It was revealed during a webinar that South Africa lacks a budget for pandemic preparedness.
- South Africa does not have a budget for pandemics, it was featured in a pandemic preparedness webinar.
- The Head of the African Union Commission Secretariat on Covid-19 said this was a matter of concern.
- South African Medical Research Council President and CEO, Professor Glenda Gray, says non-communicable diseases kill more than 41 million people annually.
Just months after the World Health Organization declared the COVID-19 pandemic over, it was revealed that South Africa had no budget for pandemics.
The information was revealed during Friday’s Pillar 10: Epidemic Preparedness Plan webinar, which was hosted by the Presidency in partnership with South Africa’s Ministry of Health and WHO.
During the discussion on considerations of future epidemics, the Chairperson of the African Union Commission Secretariat on Covid-19, Dr Lwazi Manzi, said he was concerned that South Africa did not have separate funds for epidemic prevention, preparedness and response (PPR).
She said the situation could be problematic in the event of another pandemic in the future.
In May, the World Health Organization declared the end of the Covid-19 pandemic.
In South Africa, the first loss of life associated with the pandemic occurred in March 2020. In that month, a nationwide lockdown was imposed as experts and government officials tried to get around the disease and how to limit its spread.
The lockdown, at various levels of severity, lasted for about two years.
But the economic losses were huge.
In 2019, he was fired by President Cyril Ramaphosa Presidential health agreementwhich presented a five-year roadmap for health systems to advance reforms under the ‘Ten Pillars’ towards accelerating Universal Health Coverage (UHC) in South Africa.
The pillars are:
- access to medicines, vaccines, and health products;
- private sector participation;
- High quality healthcare
- public sector financial management improvements;
- governance and leadership;
- community engagements; And
- Information systems and pandemic preparedness.
These pillars were under discussion during the webinar on Friday.
One of the speakers, South African Medical Research Council Chair and Executive Director, Professor Glenda Gray, said that non-communicable diseases (NCDs) kill more than 41 million people annually. She said 80% of deaths from non-communicable diseases were the result of four diseases: type 2 diabetes, cancer, respiratory infections, and cardiovascular disease.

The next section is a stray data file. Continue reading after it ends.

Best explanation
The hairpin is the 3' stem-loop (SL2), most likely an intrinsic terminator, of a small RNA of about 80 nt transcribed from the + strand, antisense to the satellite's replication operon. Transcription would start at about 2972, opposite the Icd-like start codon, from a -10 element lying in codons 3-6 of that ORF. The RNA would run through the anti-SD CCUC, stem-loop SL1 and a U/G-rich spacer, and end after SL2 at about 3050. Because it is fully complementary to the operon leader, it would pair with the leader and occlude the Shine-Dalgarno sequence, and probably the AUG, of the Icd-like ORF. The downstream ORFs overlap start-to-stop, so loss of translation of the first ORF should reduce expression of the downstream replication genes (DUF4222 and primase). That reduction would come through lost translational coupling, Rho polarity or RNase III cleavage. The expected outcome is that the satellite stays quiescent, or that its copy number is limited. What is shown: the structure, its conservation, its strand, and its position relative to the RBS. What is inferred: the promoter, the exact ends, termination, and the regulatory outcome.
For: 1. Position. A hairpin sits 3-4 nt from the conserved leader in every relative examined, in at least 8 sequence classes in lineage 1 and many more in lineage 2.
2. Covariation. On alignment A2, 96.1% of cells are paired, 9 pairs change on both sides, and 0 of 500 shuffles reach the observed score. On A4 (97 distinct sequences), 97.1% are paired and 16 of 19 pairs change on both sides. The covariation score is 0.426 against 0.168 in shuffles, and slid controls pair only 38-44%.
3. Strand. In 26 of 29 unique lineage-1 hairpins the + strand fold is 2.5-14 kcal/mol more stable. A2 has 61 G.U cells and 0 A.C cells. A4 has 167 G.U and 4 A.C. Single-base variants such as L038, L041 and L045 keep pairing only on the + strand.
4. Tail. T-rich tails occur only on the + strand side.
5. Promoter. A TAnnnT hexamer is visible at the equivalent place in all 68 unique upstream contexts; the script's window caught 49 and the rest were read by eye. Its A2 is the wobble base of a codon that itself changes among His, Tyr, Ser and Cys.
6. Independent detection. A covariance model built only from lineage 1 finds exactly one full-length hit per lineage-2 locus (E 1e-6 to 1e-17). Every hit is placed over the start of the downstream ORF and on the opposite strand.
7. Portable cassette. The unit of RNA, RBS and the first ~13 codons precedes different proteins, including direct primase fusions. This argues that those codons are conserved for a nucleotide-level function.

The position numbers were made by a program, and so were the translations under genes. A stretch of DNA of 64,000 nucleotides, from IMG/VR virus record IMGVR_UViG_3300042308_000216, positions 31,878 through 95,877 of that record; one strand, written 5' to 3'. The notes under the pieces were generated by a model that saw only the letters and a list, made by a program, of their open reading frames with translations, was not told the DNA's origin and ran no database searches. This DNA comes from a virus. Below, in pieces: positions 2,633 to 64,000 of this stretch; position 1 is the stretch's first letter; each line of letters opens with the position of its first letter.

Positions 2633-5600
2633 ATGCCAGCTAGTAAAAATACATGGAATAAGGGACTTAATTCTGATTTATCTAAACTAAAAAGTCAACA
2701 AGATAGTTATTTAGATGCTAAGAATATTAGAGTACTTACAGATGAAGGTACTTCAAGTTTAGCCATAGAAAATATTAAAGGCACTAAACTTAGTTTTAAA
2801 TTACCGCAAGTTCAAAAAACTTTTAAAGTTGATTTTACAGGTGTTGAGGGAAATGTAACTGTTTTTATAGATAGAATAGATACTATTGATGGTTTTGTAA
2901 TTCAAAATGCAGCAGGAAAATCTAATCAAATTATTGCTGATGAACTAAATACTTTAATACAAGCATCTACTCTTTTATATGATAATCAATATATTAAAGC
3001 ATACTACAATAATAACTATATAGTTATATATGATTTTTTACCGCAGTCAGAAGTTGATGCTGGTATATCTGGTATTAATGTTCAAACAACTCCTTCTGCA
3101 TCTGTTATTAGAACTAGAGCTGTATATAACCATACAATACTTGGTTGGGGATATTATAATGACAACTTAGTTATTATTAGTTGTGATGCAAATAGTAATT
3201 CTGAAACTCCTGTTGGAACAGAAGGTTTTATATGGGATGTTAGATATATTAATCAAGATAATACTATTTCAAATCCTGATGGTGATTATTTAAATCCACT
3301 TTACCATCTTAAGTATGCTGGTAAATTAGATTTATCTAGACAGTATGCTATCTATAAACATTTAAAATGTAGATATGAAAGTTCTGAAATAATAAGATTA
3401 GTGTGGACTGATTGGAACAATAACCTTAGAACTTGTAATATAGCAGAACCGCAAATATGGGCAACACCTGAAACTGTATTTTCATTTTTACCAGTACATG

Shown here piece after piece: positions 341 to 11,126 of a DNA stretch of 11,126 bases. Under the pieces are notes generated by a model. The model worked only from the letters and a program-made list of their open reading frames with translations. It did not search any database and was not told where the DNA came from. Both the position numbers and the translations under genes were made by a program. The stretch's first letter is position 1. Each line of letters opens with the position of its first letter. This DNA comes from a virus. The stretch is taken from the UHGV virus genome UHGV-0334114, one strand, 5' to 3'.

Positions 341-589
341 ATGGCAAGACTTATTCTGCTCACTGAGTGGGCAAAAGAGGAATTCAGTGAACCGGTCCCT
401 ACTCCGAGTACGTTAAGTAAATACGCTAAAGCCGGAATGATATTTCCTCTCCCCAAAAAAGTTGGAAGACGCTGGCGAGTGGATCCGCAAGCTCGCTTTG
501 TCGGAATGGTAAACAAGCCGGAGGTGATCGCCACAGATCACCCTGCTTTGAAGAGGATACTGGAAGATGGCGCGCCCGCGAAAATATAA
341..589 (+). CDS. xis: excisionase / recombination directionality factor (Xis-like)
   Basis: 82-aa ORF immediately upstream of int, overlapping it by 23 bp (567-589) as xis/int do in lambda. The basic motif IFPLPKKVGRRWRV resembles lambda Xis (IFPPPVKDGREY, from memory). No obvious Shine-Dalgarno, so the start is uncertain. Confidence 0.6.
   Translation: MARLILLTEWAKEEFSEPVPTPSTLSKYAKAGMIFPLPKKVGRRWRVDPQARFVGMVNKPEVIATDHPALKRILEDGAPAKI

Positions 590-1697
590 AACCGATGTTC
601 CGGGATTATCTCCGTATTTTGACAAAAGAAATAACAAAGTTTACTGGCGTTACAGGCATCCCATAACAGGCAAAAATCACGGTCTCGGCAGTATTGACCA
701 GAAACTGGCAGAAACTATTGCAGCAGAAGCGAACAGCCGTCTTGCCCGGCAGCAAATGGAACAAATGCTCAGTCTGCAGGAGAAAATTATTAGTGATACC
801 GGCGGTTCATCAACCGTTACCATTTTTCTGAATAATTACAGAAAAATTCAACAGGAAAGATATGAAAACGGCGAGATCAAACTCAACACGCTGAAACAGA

By 2030, deaths from non-communicable diseases in Africa are expected to exceed deaths from infectious diseases, maternal, perinatal and nutritional diseases combined.
Gray said that 10 million people contract tuberculosis annually.
Although it is preventable and curable, 1.5 million people die from tuberculosis annually, making it the world’s largest infectious killer.
Gray added that tuberculosis was the leading cause of death for people living with HIV and a major contributor to antimicrobial resistance.
She added that there is a need to invest in science.
Salim Abdul Karim (photo: from the source)
She said: “There is an urgent need to know who is born and who is dying, where and at what age. The footprint of the National Health Laboratory Service must also be preserved.”
Professor Salem Abdel Karim, Special Adviser to the WHO Director-General on Epidemiology, said there was a need for decisive political leadership to be open to scientific advice.
“There needs to be a pandemic preparedness plan for epidemiological surveillance and intelligence. It is also important to consider medical countermeasures, especially diagnostics, vaccines, treatments, and respirators. There is a need for a fit-for-purpose legal and financing framework with legal provisions for testing, quarantine, surveillance, disinformation control, and surveillance.” Borders, vaccination and financial control to reduce corruption.
Dr Owen Kalua, WHO Country Representative, said WHO has put in place a new regulatory framework to guide the country’s pandemic preparedness planning for respiratory pathogens.
The PRET (Preparedness and Resilience to Emerging Threats) framework outlines modalities for a whole-of-society approach, providing tools and resources to support country planning and preparedness.
He said WHO has supported management and stakeholders in implementing the integrated disease surveillance response.
Kalua added that WHO will continue to provide technical support for other UHC priorities, including national health insurance, that are critical to the health system.
The committee said there is a need to build mechanisms and cooperation agreements between the public and private sectors.
“There is a need to strengthen the processes of international health regulation in South Africa, inform work done with the wider group, build institutional capacity for surveillance, and improve laboratory and genome-specific capabilities at the periphery level in all districts. Laboratory testing is also essential to detect novel variants through sampling. and testing and transportation of samples in a timely and efficient manner.”